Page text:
BRUCE LOGAN presents eight key reasons why he hates hate speech legislation, including the fact that it is merely speech one does not want to hear or be heard. Its authority depends on the subjectivity of personal offence. Hate speech is about controlling what people can say or not say on the presumption that hate is their primary motivation. It is not concerned with the truth of what is said.
Eight reasons why I despise “hate speech” legislation.
1 Free speech cannot exist without the right to freedom of conscience and freedom of religious belief and expression. These rights are an inalienable trinity; rights that the government cannot give because they are a necessary consequence of our humanity. Without them there is no freedom.
For decades now regressive antidiscrimination law has been written to treat certain groups of people, identified by sex, race and sexuality, and most recently “gender”, as victims in need of protection from “offensive” speech. The old inalienable trinity has been commandeered by the “inalienable” right not be offended. Hence the demand for hate speech legislation which would prohibit criticism that could be construed to “offend, insult or ridicule” on the basis of presumed offence. While hate speech legislation might not always curb religious freedom or free speech, that is its effect when laws limit what we can say.
2 “Hate speech” does not, and cannot, describe that which it presumes to describe. It is merely speech one does not want to hear or be heard. Its authority depends on the subjectivity of personal offence. Hate speech is about controlling what people can say or not say on the presumption that hate is their primary motivation. It is not concerned with the truth of what is said.
For example, Israel Folau’s declaration that all kinds of sinners, including homosexuals, would go to hell if they don’t repent is “hate speech”, according to Rugby Australia. What if it turns out to be true that unrepentant sinners do go to hell? So the issue is not truth; it is personal offence.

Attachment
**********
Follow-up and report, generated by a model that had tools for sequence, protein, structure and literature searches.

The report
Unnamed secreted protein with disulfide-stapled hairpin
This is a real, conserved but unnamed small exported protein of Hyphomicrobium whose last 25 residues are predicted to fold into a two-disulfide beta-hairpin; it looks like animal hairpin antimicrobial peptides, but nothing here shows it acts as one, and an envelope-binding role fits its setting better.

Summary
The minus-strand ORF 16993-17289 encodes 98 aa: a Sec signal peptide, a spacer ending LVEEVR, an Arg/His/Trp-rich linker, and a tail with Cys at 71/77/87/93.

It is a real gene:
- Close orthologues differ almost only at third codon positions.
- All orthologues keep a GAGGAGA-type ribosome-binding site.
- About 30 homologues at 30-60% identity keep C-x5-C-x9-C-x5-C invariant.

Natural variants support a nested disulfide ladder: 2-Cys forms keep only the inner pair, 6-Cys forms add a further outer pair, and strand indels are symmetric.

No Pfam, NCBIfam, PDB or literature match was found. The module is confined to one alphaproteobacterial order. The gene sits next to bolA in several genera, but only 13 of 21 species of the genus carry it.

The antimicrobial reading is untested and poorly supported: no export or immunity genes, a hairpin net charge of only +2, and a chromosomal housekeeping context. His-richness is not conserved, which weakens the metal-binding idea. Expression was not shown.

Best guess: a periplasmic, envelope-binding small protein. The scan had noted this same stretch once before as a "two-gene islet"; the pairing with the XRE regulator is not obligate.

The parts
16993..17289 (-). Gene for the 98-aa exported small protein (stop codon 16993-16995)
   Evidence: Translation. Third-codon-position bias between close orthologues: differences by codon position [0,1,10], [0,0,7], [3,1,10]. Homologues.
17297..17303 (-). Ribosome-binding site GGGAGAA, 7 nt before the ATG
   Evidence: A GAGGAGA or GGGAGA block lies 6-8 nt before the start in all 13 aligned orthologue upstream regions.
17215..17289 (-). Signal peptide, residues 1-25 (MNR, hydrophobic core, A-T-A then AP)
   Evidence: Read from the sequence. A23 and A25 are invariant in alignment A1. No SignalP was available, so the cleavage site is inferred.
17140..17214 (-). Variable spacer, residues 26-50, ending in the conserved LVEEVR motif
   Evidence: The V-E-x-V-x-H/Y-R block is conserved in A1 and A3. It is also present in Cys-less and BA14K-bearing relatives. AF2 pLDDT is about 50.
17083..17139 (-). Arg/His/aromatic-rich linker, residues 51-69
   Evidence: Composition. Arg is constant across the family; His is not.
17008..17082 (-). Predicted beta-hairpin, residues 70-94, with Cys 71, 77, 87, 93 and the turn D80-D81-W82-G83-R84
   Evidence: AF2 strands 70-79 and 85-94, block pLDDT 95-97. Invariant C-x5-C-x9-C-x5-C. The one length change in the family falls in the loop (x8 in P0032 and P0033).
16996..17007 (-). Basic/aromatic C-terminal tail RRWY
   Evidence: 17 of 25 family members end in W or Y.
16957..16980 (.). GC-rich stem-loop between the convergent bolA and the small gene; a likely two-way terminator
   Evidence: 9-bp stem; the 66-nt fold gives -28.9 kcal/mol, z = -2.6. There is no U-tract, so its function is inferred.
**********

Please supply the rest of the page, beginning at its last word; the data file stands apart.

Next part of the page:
3 Hate speech law gives the government unwarranted moral and political power because it tends to make the state the creator and arbiter of truth and not just its protector. It encourages the establishment and authority of pseudo-judicial bodies such as ‘Human Rights’ commissions who presume to know what hate speech actually is. That further limits the authority and educative role of the institutions of civil society and weakens traditional cultural norms. For example, democratic authority requires that government power is restrained by the moral character and political will of the people. Hate speech law compromises that necessary freedom.
4 Hate speech legislation can only be the product of the “cult of multiculturalism”. Without an overarching moral and spiritual narrative, multiculturalism gives rise to the existence and demands of identity politics. In the process of appropriating credibility, a group can demand affirmation thereby securing protection on the basis of hate speech law. Public debate on substantive moral issues are shut down. Same-sex marriage and anything to do with sexual orientation, for example. Even discussion on the nature of Islam is a hornets’ nest.
5 Hate speech law ignores the distinction between negative and positive rights. The right to free speech is a negative right that demands government protection, not its manipulation. Written hate speech law turns a negative right into a positive right because the government’s duty of protection is exchanged for its power to determine the nature of personal offence.
6 Hate speech legislation will inhibit, if not prevent, honest debate, consequently encouraging hypocrisy and the temptation of virtue signalling. Because hate speech legislation presumes an absolute relativist ethic, public morality will always be aggressively transforming itself to determine what cannot and can be said. Self-censorship will be the consequence of fear of retribution rather than nuanced thoughtfulness.
7 Hate speech legislation must lead to increasing state power and eventually to tyranny because it is declaring that the state is the ultimate judge of truth. Such an outcome must be the consequence of identity politics; each group demanding it be protected by law. The old orthodoxy of each individual being equal under the law is overwhelmed by the presumed rights of each group demanding the law protect its identity and dignity.
8 Because the interpretation of hate speech law is subject to moral fashion, it denies the reality of any transcendent truth having anything to do with human existence. Hate speech legislation rises out of and reinforces the doctrine of human autonomy; it changes what we understand a human being to be. He or she is no longer a sinner who requires redemption. A human being is someone suffering from self-declared victimhood. That victimhood must be protected by hate speech legislation. The great contemporary sin is to deny it.
Bruce Logan is a board member of Family First NZ.